How Bad Is Bacon for You?

Medically Reviewed on 9/15/2021

The problem with processed meats

Bacon is a type of processed meat. Americans eat a tremendous amount of bacon every year despite warnings that bacon is associated with numerous diseases and health problems.
Bacon is a type of processed meat. Americans eat a tremendous amount of bacon every year despite warnings that bacon is associated with numerous diseases and health problems.

While you probably know that bacon isn't the healthiest food you can eat, you may be wondering if it's really that bad to eat occasionally. Americans eat a tremendous amount of bacon every year despite warnings that bacon is associated with numerous diseases and health problems. The American Institute of Cancer Research recommends avoiding bacon and other processed meats completely.

While eating any type of red meat has been associated with increased health risks, processed meats are even worse for your health. Processed meats aren't fresh like hamburgers or steaks. They have been preserved by curing, smoking, salting, or adding chemical preservatives. There are three chemicals in processed meat that have been linked to cancer. They include:

  • Haem, which is a red pigment that naturally occurs in most red meats
  • Nitrites and nitrates, which are preservatives used to keep processed meats fresh
  • Heterocyclic amines and polycyclic amines, which are chemical compounds that are produced when meat is cooked at high temperatures

All three of these substances can damage the cells in your bowels. The damage can build up over time and lead to cancer.

Bacon contains high amounts of saturated fat

Bacon is 40 percent saturated fat.  Saturated fat is solid at room temperature. The American Heart Association recommends you limit saturated fat to no more than 5 to 6 percent of the calories in your diet. For a 2000-calorie diet, that would equal no more than 120 calories or 13 grams of saturated fat daily. Just three slices of bacon contain almost 5 grams of saturated fat.

Saturated fat raises the "bad" cholesterol in your blood.  A study of over 114,000 people for over eight years found that eating 5% more saturated fat from meat sources was associated with a 19% increase in cardiovascular disease and a 21% increase in heart disease.

Bacon has high levels of salt

Bacon is also high in salt. Each slice contains 137 milligrams of sodium. About 90% of Americans have too much salt in their diets. Eating too much salt is associated with increased blood pressure. Developing high blood pressure is often seen as a normal part of aging in the US. However, in countries where people eat a low-salt diet, high blood pressure isn't associated with aging.

High blood pressure increases your risk of developing heart disease and stroke. Reducing your sodium intake can help lower your blood pressure and reduce this risk.  

Salt, particularly from salt-cured meats such as bacon, may increase your risk of stomach cancer. Salt may damage your stomach lining and cause lesions that can turn into stomach cancer. Helicobacter pylori is a type of bacteria that can cause infections in your stomach and damage your stomach lining. Salt can worsen Helicobacter pylori infections, which can also cause stomach lesions that may turn into stomach cancer.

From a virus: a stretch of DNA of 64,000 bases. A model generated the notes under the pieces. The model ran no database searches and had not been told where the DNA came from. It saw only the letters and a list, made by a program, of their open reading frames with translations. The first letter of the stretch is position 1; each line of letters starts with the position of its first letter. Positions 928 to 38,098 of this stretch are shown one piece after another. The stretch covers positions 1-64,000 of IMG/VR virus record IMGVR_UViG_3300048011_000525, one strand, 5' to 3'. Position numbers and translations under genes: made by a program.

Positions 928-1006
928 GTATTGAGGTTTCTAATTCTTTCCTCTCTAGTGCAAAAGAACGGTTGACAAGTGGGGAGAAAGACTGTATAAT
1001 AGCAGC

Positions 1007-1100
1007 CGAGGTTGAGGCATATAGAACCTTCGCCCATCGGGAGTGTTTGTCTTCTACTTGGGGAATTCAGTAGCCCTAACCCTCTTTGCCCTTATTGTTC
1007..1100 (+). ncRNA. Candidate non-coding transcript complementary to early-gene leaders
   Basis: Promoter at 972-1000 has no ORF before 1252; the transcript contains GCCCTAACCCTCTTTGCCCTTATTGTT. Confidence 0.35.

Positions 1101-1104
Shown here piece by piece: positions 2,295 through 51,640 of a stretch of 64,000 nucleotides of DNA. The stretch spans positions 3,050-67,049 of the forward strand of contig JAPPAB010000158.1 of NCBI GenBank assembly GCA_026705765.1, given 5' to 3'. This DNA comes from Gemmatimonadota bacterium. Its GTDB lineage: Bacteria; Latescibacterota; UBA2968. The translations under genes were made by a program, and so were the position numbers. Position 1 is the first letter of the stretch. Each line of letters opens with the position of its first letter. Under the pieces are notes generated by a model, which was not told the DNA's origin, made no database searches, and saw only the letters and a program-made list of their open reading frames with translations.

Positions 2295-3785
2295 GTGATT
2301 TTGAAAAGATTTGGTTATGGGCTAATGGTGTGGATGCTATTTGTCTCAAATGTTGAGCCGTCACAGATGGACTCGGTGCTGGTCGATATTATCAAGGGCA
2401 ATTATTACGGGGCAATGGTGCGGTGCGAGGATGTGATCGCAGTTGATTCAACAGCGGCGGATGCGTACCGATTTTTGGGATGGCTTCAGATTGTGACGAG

Chemical additives in bacon

Processed meats often have chemical preservatives.  Eating them is linked to an increased risk of developing colon and stomach cancer. The World Health Organization has classified bacon as a Group 1 carcinogen, which means it's known to cause cancer. One of the biggest risks of bacon is associated with two preservatives, nitrates and nitrites, that can form cancer-causing compounds.

In addition to increasing your risk of colon and stomach cancer, eating processed meat increases your risk of prostate cancer, pancreatic cancer, and dying from all types of cancer. One study suggested that women who ate even as little as a half a serving of processed meat a day had a 21% increased risk of getting breast cancer

Other risks of bacon

Eating processed meat such as bacon is also associated with an increased risk of dementia and Alzheimer's. A study of almost half a million people who were followed for over eight years found that eating just one serving of processed meat daily was associated with a 44% increased risk of developing all types of dementia and a 52% increased risk of developing Alzheimer's disease.

It's believed that the nitrite in processed meat contributes to oxidative stress and inflammation, which is a risk factor for dementia. The salt in processed meat also contributes to high blood pressure, which is a risk factor for developing dementia.  


According to the USDA, there is no difference between a “portion” and a “serving.” See Answer

Health Solutions From Our Sponsors

Medically Reviewed on 9/15/2021

American Heart Association: "Saturated Fat."

American Institute for Cancer Research: "Limit Consumption of Red and Processed Meat."

Cancer Research UK: "Bacon, salami and sausages: How does processed and red meat cause cancer and how much matters?"

Centers for Disease Control and Prevention: "Sodium."


European Society of Cardiology: "Are all saturated fats equally bad for the heart?"

MD Anderson Cancer Center: "Processed meat and cancer: What you need to know."

Physician's Committee for Responsible Medicine: "Processed Meat."

World Cancer Research Fund International: "Salt: shaking up the link with stomach cancer."